When the elf dies, there’s a strange artifact that seems to activate and the party destroys it. When they return to the village, the miners have sent back some soldiers to help, and after giving the soldiers a de-briefing, they all head back into the Davokar to see about the bodies and destroy the mound (which seemed to have some sort of dark magic). They have an intense encounter with elves, but combat is avoided with some miraculous bargaining by the sorcerer. The elves agree to help destroy the mound and collect the dead to deliver them to the village so they can be put to rest. The party then heads up to the mining outpost in the mountains for some rest and reward.


The first issue I have is with the rules. They’re not well organized and have some areas that could be clearer. How long weapons work has apparently confused many people, in large part due to how the wording is and where the rules are (the rules for them are scattered in different sections). It’s also not immediately clear how armor works because the section that includes armor doesn’t explain it. You have to go into the combat section and read damage to get a sense of how armor works (and it’s never even explicitly stated, you have to infer how it works). There are other similar issues, namely with abilities. They try to keep the abilities brief so they can fit onto the character sheet, but there are a lot of unanswered questions. The GM will need to make a lot of calls on how to rule things when the rule book doesn’t yield an answer.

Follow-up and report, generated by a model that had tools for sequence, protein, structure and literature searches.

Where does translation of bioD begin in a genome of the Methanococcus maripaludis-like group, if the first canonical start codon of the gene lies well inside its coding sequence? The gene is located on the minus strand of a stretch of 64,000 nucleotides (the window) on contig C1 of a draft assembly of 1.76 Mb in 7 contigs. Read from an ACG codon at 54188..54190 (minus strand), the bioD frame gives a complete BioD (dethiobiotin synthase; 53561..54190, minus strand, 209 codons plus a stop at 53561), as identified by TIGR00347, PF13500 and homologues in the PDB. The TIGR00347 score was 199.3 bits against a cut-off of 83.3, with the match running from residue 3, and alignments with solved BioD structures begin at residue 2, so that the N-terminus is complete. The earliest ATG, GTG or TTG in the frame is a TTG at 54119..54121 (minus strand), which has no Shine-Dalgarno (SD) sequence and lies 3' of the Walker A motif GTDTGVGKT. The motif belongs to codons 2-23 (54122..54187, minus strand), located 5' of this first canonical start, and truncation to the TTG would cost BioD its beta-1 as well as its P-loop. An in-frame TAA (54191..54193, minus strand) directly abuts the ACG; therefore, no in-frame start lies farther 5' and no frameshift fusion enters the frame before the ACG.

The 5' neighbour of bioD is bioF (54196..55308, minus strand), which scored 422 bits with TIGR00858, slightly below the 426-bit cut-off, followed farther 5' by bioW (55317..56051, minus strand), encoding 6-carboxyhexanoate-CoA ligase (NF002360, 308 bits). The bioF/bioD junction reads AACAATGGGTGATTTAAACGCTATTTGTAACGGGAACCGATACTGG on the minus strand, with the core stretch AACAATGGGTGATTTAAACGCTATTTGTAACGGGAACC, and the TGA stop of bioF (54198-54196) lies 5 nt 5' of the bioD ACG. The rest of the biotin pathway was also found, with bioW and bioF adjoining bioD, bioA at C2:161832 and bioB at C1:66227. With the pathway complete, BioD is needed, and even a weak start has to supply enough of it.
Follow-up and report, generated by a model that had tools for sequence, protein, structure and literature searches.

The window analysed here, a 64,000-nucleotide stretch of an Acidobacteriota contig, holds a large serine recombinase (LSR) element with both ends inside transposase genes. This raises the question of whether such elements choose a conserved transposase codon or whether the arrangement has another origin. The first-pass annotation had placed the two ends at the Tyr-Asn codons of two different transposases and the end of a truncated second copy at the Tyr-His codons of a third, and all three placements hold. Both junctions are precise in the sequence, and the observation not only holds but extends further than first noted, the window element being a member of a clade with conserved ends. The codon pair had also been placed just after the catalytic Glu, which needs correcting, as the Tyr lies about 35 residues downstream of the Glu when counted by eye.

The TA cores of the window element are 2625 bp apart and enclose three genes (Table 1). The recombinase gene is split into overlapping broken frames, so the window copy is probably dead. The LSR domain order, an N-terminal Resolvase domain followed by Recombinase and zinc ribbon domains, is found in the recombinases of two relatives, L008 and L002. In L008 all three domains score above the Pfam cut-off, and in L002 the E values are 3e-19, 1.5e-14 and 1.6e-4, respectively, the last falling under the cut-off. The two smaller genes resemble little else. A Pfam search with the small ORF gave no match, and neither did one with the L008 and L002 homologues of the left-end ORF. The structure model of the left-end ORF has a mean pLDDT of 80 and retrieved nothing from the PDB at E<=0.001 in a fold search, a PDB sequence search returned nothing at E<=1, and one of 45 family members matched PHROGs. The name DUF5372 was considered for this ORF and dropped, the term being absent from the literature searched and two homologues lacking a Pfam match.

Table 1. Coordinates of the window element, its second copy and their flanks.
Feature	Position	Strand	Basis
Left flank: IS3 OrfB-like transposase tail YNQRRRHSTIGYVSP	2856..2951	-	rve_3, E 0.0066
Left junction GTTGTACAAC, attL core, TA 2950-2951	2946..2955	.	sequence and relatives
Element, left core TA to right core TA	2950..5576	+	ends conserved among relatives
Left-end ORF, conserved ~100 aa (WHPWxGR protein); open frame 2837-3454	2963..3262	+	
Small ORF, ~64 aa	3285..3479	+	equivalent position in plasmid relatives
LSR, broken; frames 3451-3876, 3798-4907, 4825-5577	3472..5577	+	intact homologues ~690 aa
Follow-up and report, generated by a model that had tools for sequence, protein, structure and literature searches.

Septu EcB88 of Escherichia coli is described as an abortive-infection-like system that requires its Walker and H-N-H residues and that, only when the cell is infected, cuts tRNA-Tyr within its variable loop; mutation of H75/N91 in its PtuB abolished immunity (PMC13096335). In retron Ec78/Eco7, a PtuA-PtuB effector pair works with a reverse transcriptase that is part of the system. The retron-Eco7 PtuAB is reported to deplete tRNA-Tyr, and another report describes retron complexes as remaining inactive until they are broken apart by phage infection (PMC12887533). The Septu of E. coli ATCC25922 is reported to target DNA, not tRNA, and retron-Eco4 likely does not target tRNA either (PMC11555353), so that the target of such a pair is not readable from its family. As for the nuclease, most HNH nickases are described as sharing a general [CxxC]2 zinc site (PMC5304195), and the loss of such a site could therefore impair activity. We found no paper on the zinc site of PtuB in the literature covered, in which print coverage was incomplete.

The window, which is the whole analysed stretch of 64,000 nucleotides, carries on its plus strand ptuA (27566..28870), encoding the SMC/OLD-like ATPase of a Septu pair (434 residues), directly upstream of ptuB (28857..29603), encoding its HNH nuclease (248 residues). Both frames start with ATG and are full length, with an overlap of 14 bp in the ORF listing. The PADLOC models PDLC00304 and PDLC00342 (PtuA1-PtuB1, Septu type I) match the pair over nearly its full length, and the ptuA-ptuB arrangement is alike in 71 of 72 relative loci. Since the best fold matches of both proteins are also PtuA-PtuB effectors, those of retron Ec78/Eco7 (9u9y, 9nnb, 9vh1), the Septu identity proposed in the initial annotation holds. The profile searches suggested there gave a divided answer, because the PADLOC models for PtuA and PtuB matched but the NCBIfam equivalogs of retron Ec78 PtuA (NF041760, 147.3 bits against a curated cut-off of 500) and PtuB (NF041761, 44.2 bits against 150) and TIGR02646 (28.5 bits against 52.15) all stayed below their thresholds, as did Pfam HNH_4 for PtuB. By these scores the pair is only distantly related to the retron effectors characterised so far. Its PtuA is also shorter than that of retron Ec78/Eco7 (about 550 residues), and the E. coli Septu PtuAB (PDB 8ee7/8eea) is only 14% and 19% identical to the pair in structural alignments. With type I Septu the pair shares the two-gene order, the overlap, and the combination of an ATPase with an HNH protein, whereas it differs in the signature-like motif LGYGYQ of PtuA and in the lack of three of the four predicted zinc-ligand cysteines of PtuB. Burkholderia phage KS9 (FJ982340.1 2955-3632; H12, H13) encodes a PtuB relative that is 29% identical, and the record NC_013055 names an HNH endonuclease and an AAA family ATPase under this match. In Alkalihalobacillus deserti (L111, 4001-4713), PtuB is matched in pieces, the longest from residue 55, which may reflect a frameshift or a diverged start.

The second issue has to do with the seemingly careless balancing. The enemies are broken down into categories roughly based on how difficult they are to fight. But these categories aren’t exact. The Weak ghosts gave the party a lot of trouble, but the trolls and the elf didn’t for the most part. The elf especially didn’t have high damage values or good armor, or high health; he seemed much weaker than his rating indicated.